A new analysis by QuoteWizard suggests 160,000 Utahns could lose employer-provided health insurance because of coronavirus-induced layoffs, and that’s in the state’s lowest unemployment scenario of 10%.
The study says Utah has the 12th highest number of uninsured residents in the country based on the low unemployment scenario. In 2018, 9% of the state’s population didn’t have health insurance, although that was before the Legislature expanded Medicaid in response to a voter-approved initiative.
“There’s a lot of economic reasons as well as personal reasons why a high number of uninsured people in the state can be costly in health care," QuoteWizard research analyst Adam Johnson said, “as well as leaving folks ... with personal debt.”
Nationally, 14.7% of Americans were unemployed in April, up 10% from March, according to the U.S. Bureau of Labor Statistics. The current unemployment rate in the country is close to QuoteWizard’s medium to high scenario of 17.5% to 25% and in this range, 5.1 million to 9.8 million Americans could be left uninsured after losing jobs.
Many people filing for unemployment benefits will look for health insurance options through Medicaid as an alternative to expensive health care marketplace plans. However Medicaid is an income-based benefit, and in Utah the program is available only to residents earning up to 138% of the poverty level — roughly $35,000 for a family of four or $17,000 for an individual.
“The unfortunate reality of these unemployment scenarios is that those who are left uninsured are those who are not able to qualify for Medicaid,” Johnson wrote in the study. “What’s more is Medicaid eligibility in certain states will mean a higher number of uninsured people in different parts of the country.”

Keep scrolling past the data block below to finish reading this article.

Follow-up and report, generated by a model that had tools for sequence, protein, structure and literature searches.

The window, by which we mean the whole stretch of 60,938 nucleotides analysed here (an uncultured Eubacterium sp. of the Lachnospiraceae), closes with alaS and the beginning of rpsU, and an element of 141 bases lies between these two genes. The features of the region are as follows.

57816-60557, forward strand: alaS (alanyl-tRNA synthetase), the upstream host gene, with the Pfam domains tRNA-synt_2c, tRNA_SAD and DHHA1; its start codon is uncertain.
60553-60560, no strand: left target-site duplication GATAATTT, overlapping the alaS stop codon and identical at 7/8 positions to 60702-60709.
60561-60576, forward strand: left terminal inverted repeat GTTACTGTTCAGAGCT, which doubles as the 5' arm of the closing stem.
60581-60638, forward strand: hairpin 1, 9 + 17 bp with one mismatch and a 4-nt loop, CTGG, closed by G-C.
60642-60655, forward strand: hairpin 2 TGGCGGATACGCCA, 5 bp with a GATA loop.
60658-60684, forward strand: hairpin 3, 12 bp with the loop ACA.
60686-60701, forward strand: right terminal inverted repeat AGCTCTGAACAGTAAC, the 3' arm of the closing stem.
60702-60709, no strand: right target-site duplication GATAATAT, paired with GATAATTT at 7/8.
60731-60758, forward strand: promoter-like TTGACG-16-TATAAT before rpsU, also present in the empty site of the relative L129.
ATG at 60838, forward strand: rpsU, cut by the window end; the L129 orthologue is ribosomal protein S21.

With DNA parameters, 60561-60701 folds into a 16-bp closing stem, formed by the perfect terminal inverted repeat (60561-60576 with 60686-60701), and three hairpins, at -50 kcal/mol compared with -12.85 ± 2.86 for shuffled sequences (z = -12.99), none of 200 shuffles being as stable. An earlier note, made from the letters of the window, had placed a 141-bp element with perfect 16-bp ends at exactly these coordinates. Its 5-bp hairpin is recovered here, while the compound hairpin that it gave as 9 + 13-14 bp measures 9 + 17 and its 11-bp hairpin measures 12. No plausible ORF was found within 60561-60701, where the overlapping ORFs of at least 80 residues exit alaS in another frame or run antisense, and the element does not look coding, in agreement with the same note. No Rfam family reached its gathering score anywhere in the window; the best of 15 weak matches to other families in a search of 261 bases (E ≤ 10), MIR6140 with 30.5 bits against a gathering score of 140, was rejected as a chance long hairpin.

When Utahns lose employer-sponsored health insurance in the low unemployment scenario, about 121,000 people will be eligible for Medicaid, but that still leaves about 33,000 people uninsured. In the medium unemployment scenario, the number of uninsured Utahns jumps to 86,000.
“When people are left without health insurance, they still need health care, and when you don’t have health insurance, it [becomes] out of pocket expenses, and those debts ... end up piling up on hospitals, which is why health care costs increase over time,” Johnson said. This is because patients are liable for hospital debts but many debts go unpaid, meaning hospitals will have to raise their costs to compensate for the losses.
Having a high number of uninsured people also uses up resources from the federal government to help with the coronavirus pandemic. In March, Congress enacted the Coronavirus Aid, Relief, and Economic Security Act (CARES Act) that designated $100 billion in funding for hospitals and other health care services.
The Kaiser Family Foundation estimates that health care costs for treating uninsured people could add up to $40 billion, taking a big chunk of the relief funds and leaving other parts of the bill underfunded.